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See Chapter by Christopher Wadlow -- The novelty and priority provision under the United States first-to-file principle : a comparative law perspective
This major Handbook provides a comprehensive research source for patent protection in three major jurisdictions: the United States, Europe and Japan.
Intellectual Property in Common Law and Civil Law by Toshiko Takenaka (Editor)Despite increasing worldwide harmonization of intellectual property, driven by US patent reform and numerous EU Directives, the common law and civil law traditions still exert powerful and divergent influences on certain features of national IP systems.Drawing together the views and experiences of scholars and lawyers from the United States, Europe and Asia, this book examines how different characteristics embedded in national IP systems stem from differences in the fundamental legal principles of the two traditions. It questions whether these elements are destined to remain diverged, and tries to identify common ground that might facilitate a form of harmonization.Containing the most current and up-to-date IP issues from a global perspective, this book will be a valuable resource for IP and comparative law academics, law students, policy makers, as well as lawyers and in-house counsels.
Call Number: K1401 .I55653 2013
Publication Date: 2013-04-30
Global Issues in Patent Law by Martin J. Adelman; Shubha Ghosh; Amy Landers; Toshiko TakenakaGlobal Issues in Patent Law provides an approachable and engaging entry point for students of patent law and intellectual property to the world of international patents. Beginning with a discussion of current international intellectual property institutions and ending with a study of contemporary border enforcement issues, the book takes the user through the major treaties and a comparative discussion of the critical areas of patent law and practice. Topics covered include: patentable subject matter, prior art, inventive step, enablement and disclosure, infringement, remedies, and competition policy. The approach of the book and its materials would complement intellectual property law courses at the basic, intermediate, and advanced levels as well as serve as the focal casebook for a stand alone course on international patent law. For more information visit the companion site.
Call Number: K1505 .G57 2011
Publication Date: 2010-12-16
International Patent Law by Alexander StackWhen is international patent law cooperation and harmonization welfare-enhancing? What is the role of international institutions - WIPO and the WTO - in furthering such harmonization? This book explores these questions from a global welfarist, rationalist perspective. It grounds its analysis in innovation theory and a examination of patent law and prosecution, incorporating the uncertainty of patent law's impact on welfare at a detailed level, dynamic changes, the skewed nature of patent value and the difficulty of textually capturing patent concepts. Using tools from new institutional economics, it explores future design implications for international institutions, analyzing grounds for international cooperation as collective action problems and applying historical, political and transaction cost analyses.Academics, students and practitioners interested in international economic law, specifically in respect of patents, innovation and intellectual property, the TRIPs Agreement, the WTO and WIPO will find this book essential. It will also prove insightful for researchers whose primary background is in international relations or international political economy, but are seeking an introduction to the patent and intellectual property field.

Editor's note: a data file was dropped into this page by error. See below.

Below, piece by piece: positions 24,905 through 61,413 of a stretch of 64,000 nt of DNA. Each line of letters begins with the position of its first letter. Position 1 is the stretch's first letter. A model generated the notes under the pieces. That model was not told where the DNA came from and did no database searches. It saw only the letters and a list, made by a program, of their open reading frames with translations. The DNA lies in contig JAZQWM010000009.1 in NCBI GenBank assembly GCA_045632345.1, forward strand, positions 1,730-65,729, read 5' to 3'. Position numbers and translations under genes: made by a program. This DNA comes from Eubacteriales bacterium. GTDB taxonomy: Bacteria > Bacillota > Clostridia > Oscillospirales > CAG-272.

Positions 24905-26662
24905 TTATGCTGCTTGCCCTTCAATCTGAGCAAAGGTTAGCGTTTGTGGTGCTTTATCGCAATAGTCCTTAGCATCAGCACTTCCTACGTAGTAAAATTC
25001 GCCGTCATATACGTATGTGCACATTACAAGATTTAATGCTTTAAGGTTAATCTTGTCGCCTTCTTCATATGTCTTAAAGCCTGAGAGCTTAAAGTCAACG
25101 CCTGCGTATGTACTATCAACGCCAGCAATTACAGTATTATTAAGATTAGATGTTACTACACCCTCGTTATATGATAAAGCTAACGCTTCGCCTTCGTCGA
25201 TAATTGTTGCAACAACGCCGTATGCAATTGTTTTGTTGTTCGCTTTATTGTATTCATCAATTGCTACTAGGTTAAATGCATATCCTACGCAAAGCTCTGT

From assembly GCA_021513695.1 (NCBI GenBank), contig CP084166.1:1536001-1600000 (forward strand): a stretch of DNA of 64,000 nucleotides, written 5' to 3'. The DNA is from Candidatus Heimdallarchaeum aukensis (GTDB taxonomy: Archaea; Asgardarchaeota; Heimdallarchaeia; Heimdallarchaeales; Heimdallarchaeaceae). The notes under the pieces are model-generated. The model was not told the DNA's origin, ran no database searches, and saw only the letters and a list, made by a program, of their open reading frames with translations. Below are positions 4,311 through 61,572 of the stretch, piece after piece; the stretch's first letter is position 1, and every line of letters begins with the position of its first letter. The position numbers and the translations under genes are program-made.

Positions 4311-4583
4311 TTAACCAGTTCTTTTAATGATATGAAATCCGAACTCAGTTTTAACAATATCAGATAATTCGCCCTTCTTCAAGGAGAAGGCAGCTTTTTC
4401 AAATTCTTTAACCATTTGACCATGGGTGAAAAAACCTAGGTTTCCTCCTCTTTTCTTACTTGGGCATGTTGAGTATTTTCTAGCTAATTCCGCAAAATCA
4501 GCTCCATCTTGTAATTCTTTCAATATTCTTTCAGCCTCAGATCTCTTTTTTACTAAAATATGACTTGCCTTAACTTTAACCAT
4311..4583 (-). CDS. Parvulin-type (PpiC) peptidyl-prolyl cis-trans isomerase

Call Number: K1505 .S73 2011
Publication Date: 2011-05-31
Try using an advanced search using Subject Heading combined with Keywords to find any books on novelty
Do the same search and when you find a good book that gives important, relevant information on your topic, then look for it in Library Catalog.
You can add a country name to the search to find patent law from a particular country. Similarly, you can use regional indicators like Asia or Latin America, or you can use the terms global, regional or international, or comparative.
Also try searching the indexes below for relevant terms. Always use the most closely related synonym for your term that appears in the dropdown menus. (Don't worry, indexes are just another kind of database that mostly contains citations rather than full-text.)
Mostly U.S. and some Canadian scholarly legal articles.
Start typing in keywords related to your topic. In this case try typing Drugs and choose it from the dropdown menu. This will give you the most robust results and is the best way to use this type of database.Then select the subcategory that is most relevant, in this case, intellectual property.
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